We are following, advising and coaching agile practices, because we have tried it and it works (e.g. Scrum project managementTest-Driven Development). You can increase the productivity, focus and commitment of any individual or for the team, while maintain control and visibility. We believe and follow the principle: "What gets measured gets done."

We can coach you

We can coach your team, your organization to be more agile: from small, non-intrusive steps to full Scrum- and TDD-aware project teams. We have created a two-page executive summary of our coaching program, if you are interested in it, please fill out our contact form or write us an e-mail.

Are you agile?

You can check how agile you are with the follow test. It is a derived version of the famous Nokia Scrum test with notes and modifications from our own practices.
  • What is your shortest period of delivery?
If this period is larger than 4 weeks, your project plan and estimates contain very high risk, and possibly over-priced. If you are doing in a less than 4 weeks periods, you are doing iterative development.
  • Do you start working before the specification is finalized?
If not, chances are that you will burn precious time to wait for final specs, not doing anything, and as soon as you have it, the price to change something will increase as time passes. The users and/or clients will always change their mind - be open to it.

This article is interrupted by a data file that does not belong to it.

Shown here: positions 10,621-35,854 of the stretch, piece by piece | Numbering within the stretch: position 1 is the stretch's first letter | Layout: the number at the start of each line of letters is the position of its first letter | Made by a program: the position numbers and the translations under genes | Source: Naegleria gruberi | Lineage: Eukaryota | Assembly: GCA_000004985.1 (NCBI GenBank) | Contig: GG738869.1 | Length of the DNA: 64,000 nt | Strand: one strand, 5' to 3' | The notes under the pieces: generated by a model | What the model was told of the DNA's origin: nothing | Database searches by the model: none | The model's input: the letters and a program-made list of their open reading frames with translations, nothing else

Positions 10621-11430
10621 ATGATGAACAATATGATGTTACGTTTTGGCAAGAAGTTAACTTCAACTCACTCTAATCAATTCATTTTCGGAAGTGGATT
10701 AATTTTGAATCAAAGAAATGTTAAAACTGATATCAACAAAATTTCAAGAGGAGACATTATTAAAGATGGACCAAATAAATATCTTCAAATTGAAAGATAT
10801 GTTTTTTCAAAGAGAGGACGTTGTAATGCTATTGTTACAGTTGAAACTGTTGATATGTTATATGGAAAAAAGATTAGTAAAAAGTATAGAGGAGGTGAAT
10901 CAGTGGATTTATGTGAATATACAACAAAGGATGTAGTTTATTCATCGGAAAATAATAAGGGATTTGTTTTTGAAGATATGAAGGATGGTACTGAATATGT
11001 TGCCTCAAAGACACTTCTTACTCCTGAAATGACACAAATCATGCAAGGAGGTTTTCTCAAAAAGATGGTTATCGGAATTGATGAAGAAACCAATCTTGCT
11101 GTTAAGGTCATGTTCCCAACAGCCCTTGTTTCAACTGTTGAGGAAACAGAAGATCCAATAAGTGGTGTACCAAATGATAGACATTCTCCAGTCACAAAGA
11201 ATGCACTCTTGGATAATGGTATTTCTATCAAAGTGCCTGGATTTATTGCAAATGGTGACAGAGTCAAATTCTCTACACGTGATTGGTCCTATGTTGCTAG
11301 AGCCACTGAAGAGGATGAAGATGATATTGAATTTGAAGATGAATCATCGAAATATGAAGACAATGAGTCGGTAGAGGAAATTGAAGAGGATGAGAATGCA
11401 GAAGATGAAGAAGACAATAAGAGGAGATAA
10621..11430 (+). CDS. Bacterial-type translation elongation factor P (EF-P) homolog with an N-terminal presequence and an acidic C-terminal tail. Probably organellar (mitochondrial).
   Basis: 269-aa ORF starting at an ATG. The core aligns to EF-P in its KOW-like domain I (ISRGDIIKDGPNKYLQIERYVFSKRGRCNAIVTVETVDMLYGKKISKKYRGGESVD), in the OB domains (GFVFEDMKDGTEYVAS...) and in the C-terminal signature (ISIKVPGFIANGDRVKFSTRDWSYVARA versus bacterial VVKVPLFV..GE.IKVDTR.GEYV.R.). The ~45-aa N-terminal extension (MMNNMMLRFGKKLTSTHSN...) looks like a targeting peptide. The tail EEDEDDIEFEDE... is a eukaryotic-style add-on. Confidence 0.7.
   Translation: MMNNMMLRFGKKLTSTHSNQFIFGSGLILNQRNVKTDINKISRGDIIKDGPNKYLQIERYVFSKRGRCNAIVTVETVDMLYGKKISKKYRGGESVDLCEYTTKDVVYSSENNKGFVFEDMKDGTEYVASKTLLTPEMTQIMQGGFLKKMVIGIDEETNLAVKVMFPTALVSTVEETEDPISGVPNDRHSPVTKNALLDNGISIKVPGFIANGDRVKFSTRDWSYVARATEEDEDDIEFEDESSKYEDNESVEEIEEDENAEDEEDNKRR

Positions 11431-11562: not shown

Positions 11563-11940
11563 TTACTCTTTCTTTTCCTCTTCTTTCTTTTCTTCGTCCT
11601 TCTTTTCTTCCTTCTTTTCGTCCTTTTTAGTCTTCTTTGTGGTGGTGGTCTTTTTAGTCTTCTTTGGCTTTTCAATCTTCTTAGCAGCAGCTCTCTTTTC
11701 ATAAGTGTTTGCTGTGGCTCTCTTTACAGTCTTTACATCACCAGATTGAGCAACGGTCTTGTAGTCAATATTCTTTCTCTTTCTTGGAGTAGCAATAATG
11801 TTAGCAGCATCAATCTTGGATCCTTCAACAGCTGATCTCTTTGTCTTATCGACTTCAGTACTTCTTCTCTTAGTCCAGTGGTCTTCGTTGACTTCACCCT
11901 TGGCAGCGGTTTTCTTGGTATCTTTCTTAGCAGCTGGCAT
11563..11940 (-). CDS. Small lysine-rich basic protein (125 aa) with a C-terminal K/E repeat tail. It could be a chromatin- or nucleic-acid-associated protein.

• Do you have a total ordered list of things that should be done?
If you would have only one person that works for you, what is the order of the tasks (s)he should work on? You cannot mark everything as high priority, and this forces you to think about where the real value is. As a side-effect your team will deliver the highest possible value in the shortest amount of time.
  • Can you plan with your team together?
Project managers tend to see themselves as wizards in the ivory tower. It is extremely rare that they can estimate the project reliably without the involvement of their team. And what would be a better place for such involvement than at the beginning of each iteration, the team member will follow the total ordered list and estimate the time requirements as soon as they select their tasks.
  • Can you follow the progress of your team?
If you have "work-in-progress", "65% of XYZ screen" in your project summary, chances are you have no real clue what is going on in your project. Allowing only "open" and "closed" status, working with general complexity metrics (story points) will produce followable, easy-to-visualize and correct progress-charts and estimates for you, your team and your managers as well. 
  • What kind of tests do you have during the development or at each delivery?
If you do not have unit tests, integration tests or user acceptance tests, it highly likely that your project accumulates technical debt and contains lots of bugs - you just don't know it yet.
  • Are you brave enough to write tests upfront?
Every specification is ultimately a test and the software product needs to pass it. It is up to you to decide and write your tests (and specification) in a way that can be automatically executed and checked.
  • Who is the proxy between your team members and project managers / clients /  users?
If your team members are easily disrupted, their time, concentration and commitment will decrease in a very steep curve. Do not let anyone to do that.